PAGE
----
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Langmuir. 2016 Nov 15;32(45):11907-11917. Epub 2016 Nov 2.

Effects of High Pressure on Internally Self-Assembled Lipid Nanoparticles: A Synchrotron Small-Angle X-ray Scattering (SAXS) Study.

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Biological and Soft Systems, Cavendish Laboratory, University of Cambridge , JJ Thomson Avenue, Cambridge CB3 0HE, United Kingdom.
Centre for Materials Science, School of Physical Sciences and Computing, University of Central Lancashire , Preston PR1 2HE, United Kingdom.
Department of Pharmacy, Faculty of Health and Medical Sciences, University of Copenhagen , DK-2100 Copenhagen, Denmark.
Institute of Macromolecular Chemistry, Academy of Sciences of the Czech Republic , 162 06 Prague, Czech Republic.
Institute of Inorganic Chemistry, Graz University of Technology , A-8010 Graz, Austria.
School of Food Science & Nutrition, University of Leeds , Leeds LS2 9JT, U.K.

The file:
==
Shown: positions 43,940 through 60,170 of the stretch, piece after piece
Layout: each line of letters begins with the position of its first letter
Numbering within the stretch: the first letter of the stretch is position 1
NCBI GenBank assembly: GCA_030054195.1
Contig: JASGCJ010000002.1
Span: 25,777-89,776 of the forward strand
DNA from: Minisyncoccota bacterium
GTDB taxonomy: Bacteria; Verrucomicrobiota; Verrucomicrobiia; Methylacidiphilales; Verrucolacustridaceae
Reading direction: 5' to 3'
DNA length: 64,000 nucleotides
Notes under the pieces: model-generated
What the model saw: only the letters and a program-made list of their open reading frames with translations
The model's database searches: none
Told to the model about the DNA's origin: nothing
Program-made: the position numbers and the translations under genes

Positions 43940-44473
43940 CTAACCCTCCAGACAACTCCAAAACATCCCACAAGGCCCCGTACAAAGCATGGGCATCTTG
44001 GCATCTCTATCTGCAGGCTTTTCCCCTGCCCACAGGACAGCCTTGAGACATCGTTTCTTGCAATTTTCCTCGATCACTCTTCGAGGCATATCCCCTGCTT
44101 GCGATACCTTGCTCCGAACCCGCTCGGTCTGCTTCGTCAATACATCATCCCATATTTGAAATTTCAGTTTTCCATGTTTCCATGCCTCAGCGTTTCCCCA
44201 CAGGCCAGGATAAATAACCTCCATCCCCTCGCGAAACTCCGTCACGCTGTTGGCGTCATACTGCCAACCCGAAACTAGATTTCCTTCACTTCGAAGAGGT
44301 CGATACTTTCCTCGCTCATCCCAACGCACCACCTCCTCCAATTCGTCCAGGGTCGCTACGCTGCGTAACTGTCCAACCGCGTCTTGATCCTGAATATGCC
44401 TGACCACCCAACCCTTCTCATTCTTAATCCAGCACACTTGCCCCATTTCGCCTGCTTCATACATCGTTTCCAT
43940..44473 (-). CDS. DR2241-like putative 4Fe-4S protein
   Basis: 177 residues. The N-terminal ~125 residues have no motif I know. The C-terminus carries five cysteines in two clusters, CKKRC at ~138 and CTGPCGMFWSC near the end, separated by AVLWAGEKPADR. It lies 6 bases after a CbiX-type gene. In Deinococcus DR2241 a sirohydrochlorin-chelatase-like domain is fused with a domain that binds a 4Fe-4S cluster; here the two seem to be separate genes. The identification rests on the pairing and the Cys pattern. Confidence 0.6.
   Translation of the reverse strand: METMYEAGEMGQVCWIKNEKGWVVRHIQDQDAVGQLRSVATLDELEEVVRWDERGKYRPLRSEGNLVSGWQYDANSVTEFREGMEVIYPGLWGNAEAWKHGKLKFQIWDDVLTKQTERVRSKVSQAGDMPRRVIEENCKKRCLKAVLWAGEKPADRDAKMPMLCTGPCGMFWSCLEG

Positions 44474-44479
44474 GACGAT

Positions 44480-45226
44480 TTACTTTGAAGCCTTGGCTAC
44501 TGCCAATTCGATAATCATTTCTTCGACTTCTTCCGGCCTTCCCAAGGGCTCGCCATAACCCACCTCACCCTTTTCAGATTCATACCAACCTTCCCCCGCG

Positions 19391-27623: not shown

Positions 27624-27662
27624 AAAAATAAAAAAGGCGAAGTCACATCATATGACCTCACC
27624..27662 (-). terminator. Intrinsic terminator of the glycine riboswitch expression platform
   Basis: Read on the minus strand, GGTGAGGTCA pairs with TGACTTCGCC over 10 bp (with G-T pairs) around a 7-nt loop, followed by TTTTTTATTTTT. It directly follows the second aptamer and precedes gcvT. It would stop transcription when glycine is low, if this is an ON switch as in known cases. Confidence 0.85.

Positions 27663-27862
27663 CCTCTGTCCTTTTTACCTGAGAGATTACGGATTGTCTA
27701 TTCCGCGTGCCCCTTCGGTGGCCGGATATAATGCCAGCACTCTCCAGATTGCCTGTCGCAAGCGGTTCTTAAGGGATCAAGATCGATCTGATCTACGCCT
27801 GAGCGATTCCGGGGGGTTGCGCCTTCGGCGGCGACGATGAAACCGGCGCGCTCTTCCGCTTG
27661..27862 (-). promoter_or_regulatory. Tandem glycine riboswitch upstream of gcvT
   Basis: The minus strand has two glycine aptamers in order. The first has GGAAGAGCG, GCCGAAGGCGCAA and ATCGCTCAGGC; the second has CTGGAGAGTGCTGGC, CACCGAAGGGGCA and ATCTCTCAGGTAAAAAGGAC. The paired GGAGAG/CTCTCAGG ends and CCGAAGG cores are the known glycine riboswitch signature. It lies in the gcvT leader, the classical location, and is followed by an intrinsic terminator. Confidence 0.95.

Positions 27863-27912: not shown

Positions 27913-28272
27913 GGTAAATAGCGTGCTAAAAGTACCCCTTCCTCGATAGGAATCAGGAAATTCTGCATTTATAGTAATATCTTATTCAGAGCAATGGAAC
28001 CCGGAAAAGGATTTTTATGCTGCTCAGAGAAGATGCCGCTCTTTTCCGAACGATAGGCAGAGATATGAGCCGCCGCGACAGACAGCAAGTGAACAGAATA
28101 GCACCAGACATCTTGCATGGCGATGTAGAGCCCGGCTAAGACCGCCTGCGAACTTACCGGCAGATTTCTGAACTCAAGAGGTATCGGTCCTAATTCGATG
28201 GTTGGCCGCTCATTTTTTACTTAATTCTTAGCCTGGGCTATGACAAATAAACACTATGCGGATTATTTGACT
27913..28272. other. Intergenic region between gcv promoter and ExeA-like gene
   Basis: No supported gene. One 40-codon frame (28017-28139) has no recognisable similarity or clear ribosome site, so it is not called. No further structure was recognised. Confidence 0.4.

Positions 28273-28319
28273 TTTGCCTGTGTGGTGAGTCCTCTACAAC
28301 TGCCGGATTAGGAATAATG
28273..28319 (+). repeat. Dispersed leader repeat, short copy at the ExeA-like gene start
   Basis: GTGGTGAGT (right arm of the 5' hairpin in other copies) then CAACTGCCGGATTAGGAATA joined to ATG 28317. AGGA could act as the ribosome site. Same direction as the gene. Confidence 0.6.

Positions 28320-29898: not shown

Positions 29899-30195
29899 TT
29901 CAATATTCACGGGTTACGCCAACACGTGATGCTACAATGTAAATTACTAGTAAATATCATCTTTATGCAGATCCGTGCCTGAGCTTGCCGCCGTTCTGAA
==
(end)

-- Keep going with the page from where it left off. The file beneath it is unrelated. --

We present the first report on the effects of hydrostatic pressure on colloidally stabilized lipid nanoparticles enveloping inverse nonlamellar self-assemblies in their interiors. These internal self-assemblies were systematically tuned into bicontinuous cubic (Pn3m and Im3m), micellar cubic (Fd3m), hexagonal (H2), and inverse micellar (L2) phases by regulating the lipid/oil ratio as the hydrostatic pressure was varied from atmospheric pressure to 1200 bar and back to atmospheric pressure. The effects of pressure on these lipid nanoparticles were compared with those on their equilibrium bulk, nondispersed counterparts, namely, inverse nonlamellar liquid-crystalline phases and micellar solutions under excess-water conditions, using the synchrotron small-angle X-ray scattering (SAXS) technique. In the applied pressure range, induced phase transitions were observed solely in fully hydrated bulk samples, whereas the internal self-assemblies of the corresponding lipid nanoparticles displayed only pressure-modulated single phases. Interestingly, both the lattice parameters and the linear pressure expansion coefficients were larger for the self-assemblies enveloped inside the lipid nanoparticles as compared to the bulk states. This behavior can, in part, be attributed to enhanced lipid layer undulations in the lipid particles in addition to induced swelling effects in the presence of the triblock copolymer F127. The bicontinuous cubic phases both in the bulk state and inside lipid cubosome nanoparticles swell on compression, even as both keep swelling further upon decompression at relatively high pressures before shrinking again at ambient pressures. The pressure dependence of the phases is also modulated by the concentration of the solubilized oil (tetradecane). These studies demonstrate the tolerance of lipid nanoparticles [cubosomes, hexosomes, micellar cubosomes, and emulsified microemulsions (EMEs)] for high pressures, confirming their robustness for various technological applications.

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